Distributed decision-making is an active commitment to push decisions out to the edges of the company. It is the opposite of hierarchical decision-making. For example, Creo did not centralize decisions as to when people should travel (although they had a centralized travel agency to coordinate trips and get best prices). If you thought you needed to go to a conference or to a customer site you might confer with your colleagues, but did not have to submit a request for review. In contrast, when Kodak purchased Creo, they instituted a policy that the Kodak CEO had to approve all travel. This meant delaying any decision at least a week or two, and drove ticket prices way up once you were inside a two-week pricing window, and the criteria for who was permitted to travel and who was declined was opaque, arbitrary, and without rationale, creating appeal cycles and email and negotiations that made decisions even slower and forced flight cancellations and rescheduling that more that destroyed the gains they sought by centralizing the decision-making.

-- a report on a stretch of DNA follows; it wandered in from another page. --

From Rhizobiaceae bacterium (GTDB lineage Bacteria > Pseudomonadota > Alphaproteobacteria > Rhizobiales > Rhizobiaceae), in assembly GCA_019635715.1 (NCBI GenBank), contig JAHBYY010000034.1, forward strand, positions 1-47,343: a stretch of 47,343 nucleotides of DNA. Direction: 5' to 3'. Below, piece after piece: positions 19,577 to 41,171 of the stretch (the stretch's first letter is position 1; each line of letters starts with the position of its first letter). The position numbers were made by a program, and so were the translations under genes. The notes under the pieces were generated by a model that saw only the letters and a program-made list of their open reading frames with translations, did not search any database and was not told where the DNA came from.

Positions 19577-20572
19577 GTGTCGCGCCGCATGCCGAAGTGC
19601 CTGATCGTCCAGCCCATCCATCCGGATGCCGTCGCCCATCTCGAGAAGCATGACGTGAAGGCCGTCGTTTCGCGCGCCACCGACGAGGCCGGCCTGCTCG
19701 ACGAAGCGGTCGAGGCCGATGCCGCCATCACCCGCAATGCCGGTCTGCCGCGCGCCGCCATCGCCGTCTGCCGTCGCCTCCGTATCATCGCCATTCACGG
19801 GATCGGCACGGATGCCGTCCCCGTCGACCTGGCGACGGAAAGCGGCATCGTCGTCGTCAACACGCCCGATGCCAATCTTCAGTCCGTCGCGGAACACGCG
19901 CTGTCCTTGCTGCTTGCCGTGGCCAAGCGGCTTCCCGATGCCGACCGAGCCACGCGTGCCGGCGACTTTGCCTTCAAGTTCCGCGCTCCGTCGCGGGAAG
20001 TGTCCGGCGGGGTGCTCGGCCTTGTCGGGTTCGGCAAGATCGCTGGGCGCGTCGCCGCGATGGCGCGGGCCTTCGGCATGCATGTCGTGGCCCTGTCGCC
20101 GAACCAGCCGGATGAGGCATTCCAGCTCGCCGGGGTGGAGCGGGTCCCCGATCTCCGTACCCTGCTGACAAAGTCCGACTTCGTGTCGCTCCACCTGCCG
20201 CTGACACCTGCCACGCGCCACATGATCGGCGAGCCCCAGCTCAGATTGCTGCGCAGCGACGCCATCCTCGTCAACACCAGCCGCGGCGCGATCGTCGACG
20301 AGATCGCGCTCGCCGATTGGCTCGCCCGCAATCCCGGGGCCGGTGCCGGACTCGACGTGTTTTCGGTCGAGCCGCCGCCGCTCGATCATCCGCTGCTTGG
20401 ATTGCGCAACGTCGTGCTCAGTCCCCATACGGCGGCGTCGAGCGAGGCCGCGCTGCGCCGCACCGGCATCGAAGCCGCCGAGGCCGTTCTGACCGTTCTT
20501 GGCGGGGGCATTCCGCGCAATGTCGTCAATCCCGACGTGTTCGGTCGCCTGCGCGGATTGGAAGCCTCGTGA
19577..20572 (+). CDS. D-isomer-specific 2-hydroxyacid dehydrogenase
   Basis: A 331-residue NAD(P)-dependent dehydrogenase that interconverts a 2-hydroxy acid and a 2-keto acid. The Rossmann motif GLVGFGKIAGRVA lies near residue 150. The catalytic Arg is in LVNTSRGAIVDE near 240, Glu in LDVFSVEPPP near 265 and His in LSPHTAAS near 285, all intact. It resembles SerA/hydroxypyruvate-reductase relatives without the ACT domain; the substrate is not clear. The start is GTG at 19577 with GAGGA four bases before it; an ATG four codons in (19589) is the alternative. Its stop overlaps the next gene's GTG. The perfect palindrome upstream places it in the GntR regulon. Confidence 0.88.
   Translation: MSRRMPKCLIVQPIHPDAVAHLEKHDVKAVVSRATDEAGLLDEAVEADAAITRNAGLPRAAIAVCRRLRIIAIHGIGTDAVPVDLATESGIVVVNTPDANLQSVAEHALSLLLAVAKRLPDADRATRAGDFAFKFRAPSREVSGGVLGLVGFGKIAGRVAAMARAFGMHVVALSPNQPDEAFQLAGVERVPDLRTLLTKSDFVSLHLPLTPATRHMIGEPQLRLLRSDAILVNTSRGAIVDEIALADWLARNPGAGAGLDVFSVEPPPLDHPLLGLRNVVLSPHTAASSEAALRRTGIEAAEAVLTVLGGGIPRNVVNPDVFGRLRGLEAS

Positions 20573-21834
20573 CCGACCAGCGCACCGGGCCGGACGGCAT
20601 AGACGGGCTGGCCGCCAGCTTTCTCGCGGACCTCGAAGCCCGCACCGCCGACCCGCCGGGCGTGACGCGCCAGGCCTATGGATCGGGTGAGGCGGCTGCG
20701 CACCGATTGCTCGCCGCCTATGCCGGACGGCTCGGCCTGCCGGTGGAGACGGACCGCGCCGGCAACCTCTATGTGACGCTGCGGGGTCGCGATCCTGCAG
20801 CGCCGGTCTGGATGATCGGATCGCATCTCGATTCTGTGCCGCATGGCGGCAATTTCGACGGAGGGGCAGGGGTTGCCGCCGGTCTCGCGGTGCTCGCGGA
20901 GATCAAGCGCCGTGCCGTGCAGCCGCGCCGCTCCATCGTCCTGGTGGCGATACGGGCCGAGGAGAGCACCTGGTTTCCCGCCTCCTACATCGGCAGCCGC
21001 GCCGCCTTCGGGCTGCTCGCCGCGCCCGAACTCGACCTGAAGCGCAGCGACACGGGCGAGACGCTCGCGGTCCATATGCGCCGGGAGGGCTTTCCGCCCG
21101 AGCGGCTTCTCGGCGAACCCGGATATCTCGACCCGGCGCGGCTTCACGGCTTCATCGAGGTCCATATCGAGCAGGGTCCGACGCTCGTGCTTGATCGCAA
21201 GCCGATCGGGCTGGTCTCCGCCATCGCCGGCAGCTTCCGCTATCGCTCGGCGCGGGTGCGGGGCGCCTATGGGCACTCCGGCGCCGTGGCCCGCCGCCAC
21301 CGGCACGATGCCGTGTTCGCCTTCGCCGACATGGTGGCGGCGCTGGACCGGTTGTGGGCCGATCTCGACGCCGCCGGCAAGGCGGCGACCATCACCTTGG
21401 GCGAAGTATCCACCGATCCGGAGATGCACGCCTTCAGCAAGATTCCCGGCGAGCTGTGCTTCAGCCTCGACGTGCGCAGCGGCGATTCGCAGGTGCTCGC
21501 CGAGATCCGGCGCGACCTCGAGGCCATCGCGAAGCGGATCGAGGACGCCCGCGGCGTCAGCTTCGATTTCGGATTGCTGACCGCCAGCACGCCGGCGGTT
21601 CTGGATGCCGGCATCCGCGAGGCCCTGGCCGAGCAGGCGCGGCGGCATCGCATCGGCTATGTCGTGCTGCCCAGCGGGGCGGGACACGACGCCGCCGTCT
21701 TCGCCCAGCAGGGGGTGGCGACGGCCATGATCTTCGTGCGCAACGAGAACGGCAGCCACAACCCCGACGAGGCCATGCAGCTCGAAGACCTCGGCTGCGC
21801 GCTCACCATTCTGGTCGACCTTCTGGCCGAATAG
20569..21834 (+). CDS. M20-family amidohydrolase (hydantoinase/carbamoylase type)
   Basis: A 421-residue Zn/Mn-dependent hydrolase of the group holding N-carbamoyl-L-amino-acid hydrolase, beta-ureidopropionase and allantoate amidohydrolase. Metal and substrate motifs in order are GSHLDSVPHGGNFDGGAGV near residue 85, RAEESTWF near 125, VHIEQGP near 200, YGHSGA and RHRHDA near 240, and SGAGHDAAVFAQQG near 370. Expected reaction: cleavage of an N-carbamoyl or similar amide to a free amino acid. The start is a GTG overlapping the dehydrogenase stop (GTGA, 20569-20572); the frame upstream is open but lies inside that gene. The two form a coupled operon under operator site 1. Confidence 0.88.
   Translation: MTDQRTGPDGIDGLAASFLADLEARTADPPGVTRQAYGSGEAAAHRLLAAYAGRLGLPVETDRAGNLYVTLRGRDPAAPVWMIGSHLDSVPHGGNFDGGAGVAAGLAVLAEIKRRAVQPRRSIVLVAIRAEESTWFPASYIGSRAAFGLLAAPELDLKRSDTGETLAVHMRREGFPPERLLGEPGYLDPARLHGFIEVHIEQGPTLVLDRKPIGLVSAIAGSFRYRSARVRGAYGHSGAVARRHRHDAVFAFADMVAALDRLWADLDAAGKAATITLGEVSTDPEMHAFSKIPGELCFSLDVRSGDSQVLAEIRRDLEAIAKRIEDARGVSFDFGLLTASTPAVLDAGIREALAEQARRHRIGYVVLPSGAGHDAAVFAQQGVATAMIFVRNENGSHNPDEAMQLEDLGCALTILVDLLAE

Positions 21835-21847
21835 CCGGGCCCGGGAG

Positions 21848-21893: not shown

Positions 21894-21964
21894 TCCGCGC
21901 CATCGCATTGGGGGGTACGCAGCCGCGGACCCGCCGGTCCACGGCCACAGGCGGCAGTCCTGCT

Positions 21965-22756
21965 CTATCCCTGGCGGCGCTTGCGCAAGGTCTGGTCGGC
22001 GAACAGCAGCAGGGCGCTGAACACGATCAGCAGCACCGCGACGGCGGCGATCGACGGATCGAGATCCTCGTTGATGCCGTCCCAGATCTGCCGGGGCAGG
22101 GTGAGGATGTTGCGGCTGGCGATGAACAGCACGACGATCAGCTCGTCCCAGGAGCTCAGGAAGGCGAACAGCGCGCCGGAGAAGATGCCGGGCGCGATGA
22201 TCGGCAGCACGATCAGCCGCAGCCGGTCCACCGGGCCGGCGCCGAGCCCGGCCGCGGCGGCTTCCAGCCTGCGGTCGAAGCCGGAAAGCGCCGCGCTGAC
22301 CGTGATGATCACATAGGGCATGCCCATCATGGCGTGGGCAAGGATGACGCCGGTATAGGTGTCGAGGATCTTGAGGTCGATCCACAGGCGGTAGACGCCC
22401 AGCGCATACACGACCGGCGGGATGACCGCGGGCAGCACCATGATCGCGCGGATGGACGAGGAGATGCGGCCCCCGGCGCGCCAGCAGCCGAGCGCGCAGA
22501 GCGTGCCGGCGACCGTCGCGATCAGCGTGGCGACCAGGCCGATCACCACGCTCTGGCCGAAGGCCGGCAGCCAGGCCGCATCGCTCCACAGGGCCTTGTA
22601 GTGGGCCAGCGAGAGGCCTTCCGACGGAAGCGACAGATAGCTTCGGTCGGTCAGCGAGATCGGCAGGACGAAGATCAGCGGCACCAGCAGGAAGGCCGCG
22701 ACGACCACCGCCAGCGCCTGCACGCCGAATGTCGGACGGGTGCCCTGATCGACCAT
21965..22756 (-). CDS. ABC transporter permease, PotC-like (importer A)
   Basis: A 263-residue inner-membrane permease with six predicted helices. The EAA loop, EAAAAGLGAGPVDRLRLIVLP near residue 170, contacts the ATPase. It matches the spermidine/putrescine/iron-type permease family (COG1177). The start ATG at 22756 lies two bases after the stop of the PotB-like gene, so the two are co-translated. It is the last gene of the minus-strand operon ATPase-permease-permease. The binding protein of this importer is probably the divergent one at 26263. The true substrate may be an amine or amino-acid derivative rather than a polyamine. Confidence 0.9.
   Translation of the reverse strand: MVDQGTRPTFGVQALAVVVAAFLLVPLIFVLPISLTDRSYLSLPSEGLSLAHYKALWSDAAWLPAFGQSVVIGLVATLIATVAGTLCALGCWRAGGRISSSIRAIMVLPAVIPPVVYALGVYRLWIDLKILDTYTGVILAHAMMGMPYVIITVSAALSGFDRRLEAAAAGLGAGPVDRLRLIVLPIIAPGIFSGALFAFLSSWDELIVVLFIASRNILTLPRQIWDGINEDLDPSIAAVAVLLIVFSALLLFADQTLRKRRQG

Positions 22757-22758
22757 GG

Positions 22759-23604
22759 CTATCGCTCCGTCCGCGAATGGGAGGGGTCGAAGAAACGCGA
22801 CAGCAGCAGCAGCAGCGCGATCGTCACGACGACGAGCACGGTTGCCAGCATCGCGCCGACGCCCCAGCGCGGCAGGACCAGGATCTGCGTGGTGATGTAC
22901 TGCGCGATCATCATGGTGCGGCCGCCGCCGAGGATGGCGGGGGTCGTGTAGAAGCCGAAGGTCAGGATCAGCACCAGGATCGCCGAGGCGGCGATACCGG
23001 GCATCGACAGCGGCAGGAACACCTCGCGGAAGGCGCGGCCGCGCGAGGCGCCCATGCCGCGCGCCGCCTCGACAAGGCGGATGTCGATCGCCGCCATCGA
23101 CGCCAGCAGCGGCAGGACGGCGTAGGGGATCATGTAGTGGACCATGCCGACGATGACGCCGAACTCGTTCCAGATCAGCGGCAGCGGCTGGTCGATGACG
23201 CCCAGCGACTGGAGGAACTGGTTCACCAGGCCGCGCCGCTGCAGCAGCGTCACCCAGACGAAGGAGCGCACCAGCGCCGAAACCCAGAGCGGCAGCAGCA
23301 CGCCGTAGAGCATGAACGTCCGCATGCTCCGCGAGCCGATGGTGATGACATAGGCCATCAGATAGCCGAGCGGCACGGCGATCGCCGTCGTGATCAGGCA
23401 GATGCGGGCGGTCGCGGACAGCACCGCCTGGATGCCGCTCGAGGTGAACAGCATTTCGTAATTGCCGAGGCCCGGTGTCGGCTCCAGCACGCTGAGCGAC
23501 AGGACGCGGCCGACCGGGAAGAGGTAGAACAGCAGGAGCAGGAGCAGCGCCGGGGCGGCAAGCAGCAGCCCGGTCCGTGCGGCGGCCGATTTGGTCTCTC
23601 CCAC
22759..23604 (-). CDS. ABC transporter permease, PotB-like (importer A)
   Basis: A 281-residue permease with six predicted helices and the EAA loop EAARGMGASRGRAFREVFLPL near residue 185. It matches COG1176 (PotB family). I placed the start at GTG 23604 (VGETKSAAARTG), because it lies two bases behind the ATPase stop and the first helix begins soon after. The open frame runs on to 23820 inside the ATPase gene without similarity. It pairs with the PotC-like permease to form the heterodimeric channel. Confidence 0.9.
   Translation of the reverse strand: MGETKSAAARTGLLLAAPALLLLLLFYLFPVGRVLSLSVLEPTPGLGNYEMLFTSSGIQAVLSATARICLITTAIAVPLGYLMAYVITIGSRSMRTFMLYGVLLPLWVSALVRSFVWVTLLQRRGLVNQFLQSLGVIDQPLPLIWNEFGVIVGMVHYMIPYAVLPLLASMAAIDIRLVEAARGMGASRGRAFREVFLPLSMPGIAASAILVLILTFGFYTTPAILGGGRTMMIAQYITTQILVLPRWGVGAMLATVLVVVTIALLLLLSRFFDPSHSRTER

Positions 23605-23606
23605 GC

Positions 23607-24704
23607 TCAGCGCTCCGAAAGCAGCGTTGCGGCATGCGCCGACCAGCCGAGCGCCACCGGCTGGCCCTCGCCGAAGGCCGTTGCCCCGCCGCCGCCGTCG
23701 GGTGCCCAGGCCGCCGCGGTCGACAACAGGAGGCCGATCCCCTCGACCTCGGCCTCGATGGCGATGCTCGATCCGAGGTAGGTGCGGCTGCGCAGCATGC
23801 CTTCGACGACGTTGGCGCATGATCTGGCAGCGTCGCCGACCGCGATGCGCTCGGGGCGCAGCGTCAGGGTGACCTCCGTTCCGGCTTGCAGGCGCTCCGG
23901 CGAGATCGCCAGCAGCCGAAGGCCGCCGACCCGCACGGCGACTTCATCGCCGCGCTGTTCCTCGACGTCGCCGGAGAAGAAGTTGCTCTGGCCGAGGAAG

Distributed Decision Making requires three elements:
- employees that are smart, confident, and empowered enough to learn principles and be able and expected to apply them
- shared understanding of direct, indirect, and opportunity costs
- information sharing about current company revenue and expenditures so as to make contextually good decisions
Act Like You Own the Company
Any decision has to be rational and based on the best information you have at the moment. The results of being trusted to make good distributed decisions meant occasionally having to verify that your decision-making criteria was correct.